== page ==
The set up is fairly conventional slasher-horror. Five friends, two hot chicks, two football player types and a stoner head off to a cabin in the woods for the weekend to get drunk, get laid and get stoned. As you’d expect something is lucking in the woods and wants to kill them all. They must try to fend off their attacker(s), figure out what’s going on and escape alive.

The film opens a bit unexpectedly with two men in suits talking about a scenario that they are currently dealing with. Then we get to meet the five young people who are at the centre of the story. Apart from occasional cuts back to the scientists who give very little away about what they are doing the action remains conventional as the group set off to the woods. On the way they stop at a scary looking gas station and meet an equally scary, Wrong Turn looking man who insults them and warns them about the Cabin. The group arrive at the cabin and get the feeling that something isn’t right when one of the rooms turns out to contain a two way mirror. And that isn’t the half of it! After a night of drinking they stumble upon the cabin’s cellar and from then on things become very strange indeed.

Much of the action is as you’d expect. There are long periods of quiet and fumbling around in the dark then short, sharp scares. The characters are also what you’d expect, from the slightly slutty blonde, to the funny stoned guy and the shy virgin. The script is funny and isn’t too cheesy.

After the cellar scene the whole genre is subverted. The film draws from the likes of Scream, The Evil Dead and The Texas Chainsaw Massacre and even shares themes with The Hunger Games and The Truman Show but is unlike anything you’ve ever seen before. Unfortunately the opening titles give away a little too much for my liking but there is still more than enough suspense and intrigue. The film is like a puzzle which the audience has to try to unravel, combining ancient legends and practices with a modern Big Brother style subplot.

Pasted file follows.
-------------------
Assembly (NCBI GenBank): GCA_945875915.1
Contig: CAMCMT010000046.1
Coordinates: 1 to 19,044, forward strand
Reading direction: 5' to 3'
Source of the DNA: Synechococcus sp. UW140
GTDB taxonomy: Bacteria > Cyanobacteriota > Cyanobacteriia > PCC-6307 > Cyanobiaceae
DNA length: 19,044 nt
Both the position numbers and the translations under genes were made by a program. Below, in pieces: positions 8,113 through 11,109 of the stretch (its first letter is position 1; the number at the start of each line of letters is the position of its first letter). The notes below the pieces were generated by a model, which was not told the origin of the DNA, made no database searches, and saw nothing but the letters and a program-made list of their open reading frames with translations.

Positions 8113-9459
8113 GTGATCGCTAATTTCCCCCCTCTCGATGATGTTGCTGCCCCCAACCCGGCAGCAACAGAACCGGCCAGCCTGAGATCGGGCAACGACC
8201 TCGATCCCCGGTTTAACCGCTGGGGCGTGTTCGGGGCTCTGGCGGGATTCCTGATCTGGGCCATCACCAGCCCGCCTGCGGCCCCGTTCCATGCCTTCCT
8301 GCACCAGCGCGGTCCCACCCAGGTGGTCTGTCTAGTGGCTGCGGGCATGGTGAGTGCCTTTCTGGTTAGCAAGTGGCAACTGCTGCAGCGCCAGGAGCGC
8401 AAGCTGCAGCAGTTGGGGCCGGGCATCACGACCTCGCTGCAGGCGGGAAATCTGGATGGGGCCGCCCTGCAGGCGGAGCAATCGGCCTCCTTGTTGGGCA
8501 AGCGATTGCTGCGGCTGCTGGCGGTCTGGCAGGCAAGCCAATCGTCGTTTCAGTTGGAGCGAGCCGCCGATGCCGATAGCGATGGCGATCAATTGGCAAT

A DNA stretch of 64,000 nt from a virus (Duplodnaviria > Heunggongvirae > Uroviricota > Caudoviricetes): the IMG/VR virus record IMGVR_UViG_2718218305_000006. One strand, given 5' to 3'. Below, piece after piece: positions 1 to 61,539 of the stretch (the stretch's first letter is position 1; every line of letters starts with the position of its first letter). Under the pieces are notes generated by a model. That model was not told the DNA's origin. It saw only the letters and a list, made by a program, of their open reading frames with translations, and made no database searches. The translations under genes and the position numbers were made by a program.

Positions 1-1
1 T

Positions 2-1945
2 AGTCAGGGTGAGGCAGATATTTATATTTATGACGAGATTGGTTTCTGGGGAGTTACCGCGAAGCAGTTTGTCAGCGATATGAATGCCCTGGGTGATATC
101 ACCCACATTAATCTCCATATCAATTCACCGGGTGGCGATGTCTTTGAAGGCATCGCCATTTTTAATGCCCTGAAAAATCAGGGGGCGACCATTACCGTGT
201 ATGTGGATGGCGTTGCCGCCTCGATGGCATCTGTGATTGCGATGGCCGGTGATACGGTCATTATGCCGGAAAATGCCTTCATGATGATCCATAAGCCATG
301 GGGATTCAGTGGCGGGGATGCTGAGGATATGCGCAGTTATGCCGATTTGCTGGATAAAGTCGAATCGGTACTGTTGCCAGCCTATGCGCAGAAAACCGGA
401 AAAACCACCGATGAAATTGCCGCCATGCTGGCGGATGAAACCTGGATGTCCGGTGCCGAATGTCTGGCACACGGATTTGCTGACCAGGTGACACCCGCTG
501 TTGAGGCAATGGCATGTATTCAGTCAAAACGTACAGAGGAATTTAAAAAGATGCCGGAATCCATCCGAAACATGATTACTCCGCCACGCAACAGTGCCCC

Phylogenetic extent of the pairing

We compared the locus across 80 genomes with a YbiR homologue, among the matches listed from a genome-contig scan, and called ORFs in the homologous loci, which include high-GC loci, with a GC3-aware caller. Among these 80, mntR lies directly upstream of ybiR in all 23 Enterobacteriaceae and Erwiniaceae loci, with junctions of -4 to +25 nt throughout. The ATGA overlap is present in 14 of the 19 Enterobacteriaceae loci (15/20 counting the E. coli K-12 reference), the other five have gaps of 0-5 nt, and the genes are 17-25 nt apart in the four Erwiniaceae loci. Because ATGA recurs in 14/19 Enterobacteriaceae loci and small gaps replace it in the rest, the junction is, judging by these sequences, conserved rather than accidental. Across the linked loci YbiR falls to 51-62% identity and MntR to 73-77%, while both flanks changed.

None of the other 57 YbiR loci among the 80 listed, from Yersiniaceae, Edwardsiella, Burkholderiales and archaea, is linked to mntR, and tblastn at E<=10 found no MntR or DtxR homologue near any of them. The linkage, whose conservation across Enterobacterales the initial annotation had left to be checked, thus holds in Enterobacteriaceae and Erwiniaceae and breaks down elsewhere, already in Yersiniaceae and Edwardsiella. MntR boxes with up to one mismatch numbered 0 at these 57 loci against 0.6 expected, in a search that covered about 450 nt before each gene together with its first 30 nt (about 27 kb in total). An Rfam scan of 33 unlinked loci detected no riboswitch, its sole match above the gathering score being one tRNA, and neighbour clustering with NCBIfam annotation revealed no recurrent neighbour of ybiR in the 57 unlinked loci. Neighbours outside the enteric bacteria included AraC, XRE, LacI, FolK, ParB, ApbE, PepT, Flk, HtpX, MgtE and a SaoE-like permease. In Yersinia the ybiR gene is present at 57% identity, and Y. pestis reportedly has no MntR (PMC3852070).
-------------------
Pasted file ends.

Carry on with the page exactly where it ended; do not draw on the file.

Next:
While remaining gory, funny and scary enough to satisfy casual horror fans, there is so much more for the seasoned fan. The twists and reveals are excellent and the film never truly reveals itself until the closing minutes. The very last minute I found a bit poor but up until then, it was excellent. All of the cast are good but I think that Fran Katz stood out as the stoner, funny man who kind of has an inkling as to what is going on. The scientists played by The West Wing’s Bradley Whitford and Six Feet Under’s Richard Jenkins are also excellent. Their dead pan performance gives the film a really creepy edge and they appear to have great chemistry. The script manages to avoid being too cheesy for the most part but it does slip into corny teen horror territory a couple of times. How much of this is intentional or not I don’t know. Josh Whedon and Drew Goddard’s writing and direction will be evident to those who know their work and there is a lot of Buffy in there but with the WTF’s of the likes of Cloverfield and LOST. The special effects are excellent, especially towards the end of the film and there are plenty of surprises right up to the final scene.
The standout scenes take place in the underground complex and are amongst the best I’ve seen in a horror film. It is like having every nightmare and horror movie monster coming at you all at once and is a great sequence that will probably be remembered for a long time. It is a memorable part of the film which I absolutely loved.

This is a really original horror that almost reinvents the genre. There is an awful lot to like about it. It is funny, a little bit scary (though not overly so) and it is very well made by people who obviously know about and love the genre. What people will remember though is the twist and reveals and I’d recommend it to anyone. As well as looking into the traditional horror themes, it also turns the camera on the audience and looks at our relationship with reality television and our desensitisation towards death and violence which I think is an interesting idea.